More hand rails, exhaust pipe
The final welding on the pilot house was done today. Not much more needs to be done before the last area of the boat gets some foam insulation.  
Every good thing must come to an end, but there will be some SS welding making the companionway doors and the stanchion mounts on to the bolwark, then of course the bow sprit.

It's just the usual mad rush to get everything buttoned up for winter. This time we are truly ready, let it snow!

To the right are photos of one of the hand holds out on to the coaming, ( also good for a drink holder to clip on! ) and some side rails along the steps to the forward deck. The  standard toe rails wouldn't work too well here because they use up so much room. We plan to bolt on a large cleat as well making it "look" functional!

Below is the now not to be used air intake frame that I rushed to get under way today. It was one of those change our minds at the last minute things.

The "would have been" air intake
Too bad, I have had it planned for weeks. It was going to have stainless louvers controlled by a solenoid activated by the engine starting, and it's own dorade.  The air now will circulate from within the pilothouse near the pilot seat, under the floor over the fuel tank and into the fan.

That's ok by me. One less hole in the boat!

It's just a waste of (expensive) stainless. I can't even think of an alternate use for it.

Step rail welded in place

Welding on exhaust pipe flange
The engine also needs a way to expel the exhaust. This has been a really drawn out topic between us and I had a preference toward below the waterline.

The system wouldn't need a muffler, wouldn't pollute adjacent boats in the marina, and doesn't seem as obnoxious. ( Except to the fish! )
The disadvantages include problems with paint peeling below the waterline, water condensing inside the pipe higher up and rusting, and possibly damaging the engine because of water shooting back up, and another hole below the waterline to worry about.

Above the waterline condensation can still happen on a lesser scale and will leave nasty rust stains down the hull if not drained before starting the engine. The heat becomes a problem and burns the paint off although again this is more of a cosmetic problem above the waterline. A muffler needs to be carefully inserted and extra framing at the exit point to stop "drumming" of the involved plate.

Gena has decided to go above the waterline and add a flange to dissipate heat as well as isolate the engine from the hull. Electric isolation is important even here. A high-heat gasket will need to be used as well as small tubes for the bolts in the over sized holes.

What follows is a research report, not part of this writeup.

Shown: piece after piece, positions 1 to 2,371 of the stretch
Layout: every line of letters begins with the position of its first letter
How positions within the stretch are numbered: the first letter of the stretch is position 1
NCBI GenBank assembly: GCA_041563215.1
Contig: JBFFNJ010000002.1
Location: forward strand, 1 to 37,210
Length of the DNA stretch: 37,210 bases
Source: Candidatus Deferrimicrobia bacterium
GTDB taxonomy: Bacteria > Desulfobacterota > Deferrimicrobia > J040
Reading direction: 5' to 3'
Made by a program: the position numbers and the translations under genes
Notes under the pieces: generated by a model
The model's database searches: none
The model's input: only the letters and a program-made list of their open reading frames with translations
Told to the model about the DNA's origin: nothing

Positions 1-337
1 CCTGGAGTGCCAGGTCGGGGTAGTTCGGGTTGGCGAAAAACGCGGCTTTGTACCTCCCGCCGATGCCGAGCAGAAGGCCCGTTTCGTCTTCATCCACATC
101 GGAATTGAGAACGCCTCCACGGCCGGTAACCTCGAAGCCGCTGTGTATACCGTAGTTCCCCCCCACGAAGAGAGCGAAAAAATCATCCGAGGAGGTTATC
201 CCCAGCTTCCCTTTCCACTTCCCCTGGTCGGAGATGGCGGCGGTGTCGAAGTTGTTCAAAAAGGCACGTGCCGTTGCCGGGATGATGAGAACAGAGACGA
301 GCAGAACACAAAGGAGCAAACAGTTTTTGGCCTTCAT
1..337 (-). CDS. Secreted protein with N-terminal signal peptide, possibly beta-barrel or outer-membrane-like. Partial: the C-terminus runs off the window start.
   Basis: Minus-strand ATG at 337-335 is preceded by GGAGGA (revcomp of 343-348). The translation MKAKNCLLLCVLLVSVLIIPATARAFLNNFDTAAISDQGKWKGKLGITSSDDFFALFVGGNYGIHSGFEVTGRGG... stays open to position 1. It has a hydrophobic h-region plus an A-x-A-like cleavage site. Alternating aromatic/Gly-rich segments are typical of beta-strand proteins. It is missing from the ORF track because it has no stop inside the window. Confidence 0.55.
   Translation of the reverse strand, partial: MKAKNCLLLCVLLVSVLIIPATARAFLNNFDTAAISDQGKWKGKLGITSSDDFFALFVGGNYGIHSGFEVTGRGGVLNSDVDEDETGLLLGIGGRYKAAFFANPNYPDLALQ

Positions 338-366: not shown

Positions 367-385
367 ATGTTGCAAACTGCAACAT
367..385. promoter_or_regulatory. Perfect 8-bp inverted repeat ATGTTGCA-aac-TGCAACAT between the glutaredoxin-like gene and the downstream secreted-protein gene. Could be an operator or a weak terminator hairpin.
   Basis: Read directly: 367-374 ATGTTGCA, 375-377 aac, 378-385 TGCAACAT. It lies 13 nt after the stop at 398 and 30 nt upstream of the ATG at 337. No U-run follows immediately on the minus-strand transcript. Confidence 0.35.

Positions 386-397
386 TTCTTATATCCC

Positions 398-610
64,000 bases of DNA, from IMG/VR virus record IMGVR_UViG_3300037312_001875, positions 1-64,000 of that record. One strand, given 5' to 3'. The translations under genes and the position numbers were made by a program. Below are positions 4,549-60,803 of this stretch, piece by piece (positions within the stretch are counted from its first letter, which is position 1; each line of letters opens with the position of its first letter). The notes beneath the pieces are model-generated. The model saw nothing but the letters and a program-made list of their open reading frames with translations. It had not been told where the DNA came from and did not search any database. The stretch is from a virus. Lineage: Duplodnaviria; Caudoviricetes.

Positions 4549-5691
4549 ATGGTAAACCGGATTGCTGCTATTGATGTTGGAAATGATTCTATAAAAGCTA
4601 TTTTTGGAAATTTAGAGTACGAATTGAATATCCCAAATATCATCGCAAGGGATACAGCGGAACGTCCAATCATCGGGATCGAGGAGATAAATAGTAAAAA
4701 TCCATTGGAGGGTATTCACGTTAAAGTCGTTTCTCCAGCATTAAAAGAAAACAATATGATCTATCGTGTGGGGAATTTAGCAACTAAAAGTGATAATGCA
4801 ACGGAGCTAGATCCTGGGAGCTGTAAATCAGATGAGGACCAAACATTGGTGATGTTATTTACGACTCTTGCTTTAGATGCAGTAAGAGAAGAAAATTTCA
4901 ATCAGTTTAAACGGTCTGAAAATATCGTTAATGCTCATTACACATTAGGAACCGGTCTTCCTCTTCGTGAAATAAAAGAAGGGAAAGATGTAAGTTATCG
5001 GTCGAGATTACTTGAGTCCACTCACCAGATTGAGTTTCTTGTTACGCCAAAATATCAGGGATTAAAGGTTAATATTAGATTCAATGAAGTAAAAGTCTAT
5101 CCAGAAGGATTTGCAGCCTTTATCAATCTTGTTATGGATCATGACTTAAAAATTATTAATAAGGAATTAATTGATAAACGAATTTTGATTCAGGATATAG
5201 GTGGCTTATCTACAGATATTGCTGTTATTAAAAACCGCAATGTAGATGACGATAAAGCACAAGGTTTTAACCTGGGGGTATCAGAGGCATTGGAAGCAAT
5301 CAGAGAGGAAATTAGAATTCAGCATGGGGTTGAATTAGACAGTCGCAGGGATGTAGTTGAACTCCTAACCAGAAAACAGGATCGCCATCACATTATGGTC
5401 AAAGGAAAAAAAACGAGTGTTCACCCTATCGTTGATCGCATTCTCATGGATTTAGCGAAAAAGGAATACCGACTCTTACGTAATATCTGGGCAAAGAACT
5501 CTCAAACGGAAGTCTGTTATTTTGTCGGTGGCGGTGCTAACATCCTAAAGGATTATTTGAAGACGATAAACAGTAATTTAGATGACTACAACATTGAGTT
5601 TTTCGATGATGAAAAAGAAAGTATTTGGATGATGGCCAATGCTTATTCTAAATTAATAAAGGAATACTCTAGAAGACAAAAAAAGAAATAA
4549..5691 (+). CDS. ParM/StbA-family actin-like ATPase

A heavy "flange" made of stainless also is seated into the hull. This way is paint starts peeling, it will have a couple inches of stainless to peel off of first.

How complicated! The ultimate solution would be to remove the engine! Unfortunately, it may be needed in accordance to regulations at certain ports of call. ( So we have heard! ) Of course the way fuel prices are climbing, maybe they would give us a sympathetic ear...

In the photo (right ) one can see the position of the exhaust outlet. It's not to hard to imagine the way the exhaust pipe will go. Up under the deck then loop back down below the floor framing and over to the manifold and it's flex pipe. Perhaps putting a dip in the pipe like a 'P' trap in a sink would work with a small/slow drain tap. Gena is the expert on that so we'll see what she does!

Gena welds the exhaust pipe mount


I just kept with the simple stuff top sides! The photo to the right shows how nicely this air vent fits into the hole I plazzed out. This is no ordinary vent. It will be the heater ( I call it a fire place because it looks like a tiny one! ) exhaust vent. We're not sure how well this will work but we have 2, and it's worth a try. A rather short stack, but it can be unscrewed, capped, and best of all, modified easily.

The one opposite this one is for part of the  engine room hot air exhaust system. The duct leading to this will have a manual damper so air can be circulated back into the boat. It will help replace some of the air the engine is drawing off.
( They use a lot of air engines do! ) At least some moisture will be drawn off of the interior as well while the engine is running.


Exterior view of the exhaust

Get the first -
Auto-installation for Windows

Day 279:
8 hours - Final exterior stainless attachments welded on, including lock hook, exhaust pipe mount

To DAY 278
We've remixed him, he's remixed us,
Top pick:
"Be A M4ChiN3"
free/get it!
IDK remix contest
results coming soon!
July 5th 2005 deadline

Now he has an awesome new album!!
Find the pirate treasures and get free mp3's!

To DAY 280+